And yet the sentence convinces us: yes, this is what it means to be human—to make “that bargain that people always make.” How does it convince us? One way is how it circles around its subject. It starts from the point of view of an observer observing himself: not “I wanted Dana from the first time I saw her,” but the more distant “I remember feeling a desire…” Part of what he desires is her detachment and control, the way she “paused . . . and cast her eyes about the room,” which hearkens back to the very beginning of the novella, where Dave, the narrator, first describes Dana: “When she came into the lecture hall every day she would pause and look around the room, at all the guys, daring them to dismiss her, daring them, in fact, to have any thoughts about her at all.” He was attracted to her because she was not looking around to see what guy she wanted, but because she was passionate about becoming a dentist.
Of course the whole novella risks this great leap into generalization: not simply grief but “the age of grief”: “I am thirty-five years old, and it seems to me that I have arrived at the age of grief. Others arrive there sooner. Almost no one arrives much later.” Smiley risks an immense statement about what it means to be a human being, at least in our time, perhaps in any time: “Almost no one arrives much later,” meaning that absolutely no one fails to arrive sometime at the age of grief. Again, “that bargain that people always make.” The story challenges the reader to make the leap: Maybe not everyone makes this bargain, reader, but if you don’t, it’s not because you are morally superior. It’s because you are less than human.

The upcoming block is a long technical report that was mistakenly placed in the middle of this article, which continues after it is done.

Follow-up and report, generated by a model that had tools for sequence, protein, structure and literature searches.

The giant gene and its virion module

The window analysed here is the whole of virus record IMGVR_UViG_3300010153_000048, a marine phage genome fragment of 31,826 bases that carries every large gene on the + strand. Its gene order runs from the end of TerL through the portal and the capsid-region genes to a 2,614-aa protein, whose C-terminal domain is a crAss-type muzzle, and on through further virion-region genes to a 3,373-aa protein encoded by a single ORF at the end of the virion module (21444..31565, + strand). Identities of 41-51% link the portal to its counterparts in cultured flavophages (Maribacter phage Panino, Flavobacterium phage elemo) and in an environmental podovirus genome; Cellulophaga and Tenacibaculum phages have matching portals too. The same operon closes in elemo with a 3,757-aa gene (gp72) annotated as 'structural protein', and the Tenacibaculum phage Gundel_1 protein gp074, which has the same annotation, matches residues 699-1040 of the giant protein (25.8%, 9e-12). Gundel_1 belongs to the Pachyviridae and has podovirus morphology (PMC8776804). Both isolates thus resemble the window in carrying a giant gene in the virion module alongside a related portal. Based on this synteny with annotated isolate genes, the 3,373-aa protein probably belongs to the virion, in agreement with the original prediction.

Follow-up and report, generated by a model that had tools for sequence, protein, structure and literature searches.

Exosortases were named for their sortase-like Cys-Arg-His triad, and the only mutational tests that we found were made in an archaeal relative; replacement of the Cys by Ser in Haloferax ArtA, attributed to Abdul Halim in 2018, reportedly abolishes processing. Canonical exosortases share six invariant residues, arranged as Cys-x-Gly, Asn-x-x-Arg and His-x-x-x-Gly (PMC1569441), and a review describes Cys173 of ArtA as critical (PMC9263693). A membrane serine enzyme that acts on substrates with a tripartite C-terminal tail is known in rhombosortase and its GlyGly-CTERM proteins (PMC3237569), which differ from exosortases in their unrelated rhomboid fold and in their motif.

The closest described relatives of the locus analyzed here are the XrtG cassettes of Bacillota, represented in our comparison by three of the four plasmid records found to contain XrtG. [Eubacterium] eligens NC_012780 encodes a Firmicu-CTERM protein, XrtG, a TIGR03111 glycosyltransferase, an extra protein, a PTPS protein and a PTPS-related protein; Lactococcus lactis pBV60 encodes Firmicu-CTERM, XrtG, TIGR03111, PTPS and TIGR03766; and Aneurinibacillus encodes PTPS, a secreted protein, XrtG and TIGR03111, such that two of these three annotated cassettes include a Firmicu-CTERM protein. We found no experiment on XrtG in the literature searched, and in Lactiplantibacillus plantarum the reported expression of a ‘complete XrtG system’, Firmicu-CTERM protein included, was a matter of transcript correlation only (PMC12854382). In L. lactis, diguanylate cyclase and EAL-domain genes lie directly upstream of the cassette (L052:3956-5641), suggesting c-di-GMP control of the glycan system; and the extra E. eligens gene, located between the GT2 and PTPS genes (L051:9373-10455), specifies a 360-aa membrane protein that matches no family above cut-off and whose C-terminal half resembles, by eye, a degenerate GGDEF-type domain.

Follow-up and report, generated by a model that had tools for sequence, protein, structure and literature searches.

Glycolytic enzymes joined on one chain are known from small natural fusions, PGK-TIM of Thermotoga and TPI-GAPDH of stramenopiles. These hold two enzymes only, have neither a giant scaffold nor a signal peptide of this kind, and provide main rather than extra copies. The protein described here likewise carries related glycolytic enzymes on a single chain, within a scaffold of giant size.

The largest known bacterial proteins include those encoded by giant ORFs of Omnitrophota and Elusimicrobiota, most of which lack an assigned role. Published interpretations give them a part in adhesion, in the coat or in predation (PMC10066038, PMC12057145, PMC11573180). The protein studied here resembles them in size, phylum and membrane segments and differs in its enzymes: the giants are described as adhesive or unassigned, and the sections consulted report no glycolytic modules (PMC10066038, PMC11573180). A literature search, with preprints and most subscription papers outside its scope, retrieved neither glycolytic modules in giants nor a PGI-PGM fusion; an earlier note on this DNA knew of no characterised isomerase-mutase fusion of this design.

The sentence goes from the relative detachment of “I remember feeling a desire …,” a phrase that can almost delude the reader into suspecting that Dave’s desire for his wife is all in the past, to a further level of abstraction with desire “that contained me and could not be contained,” describing an immense desire in terms that do not seem to express desire as much as they express a philosophical observation about desire that is reminiscent of the definition of God as a circle that has no circumference.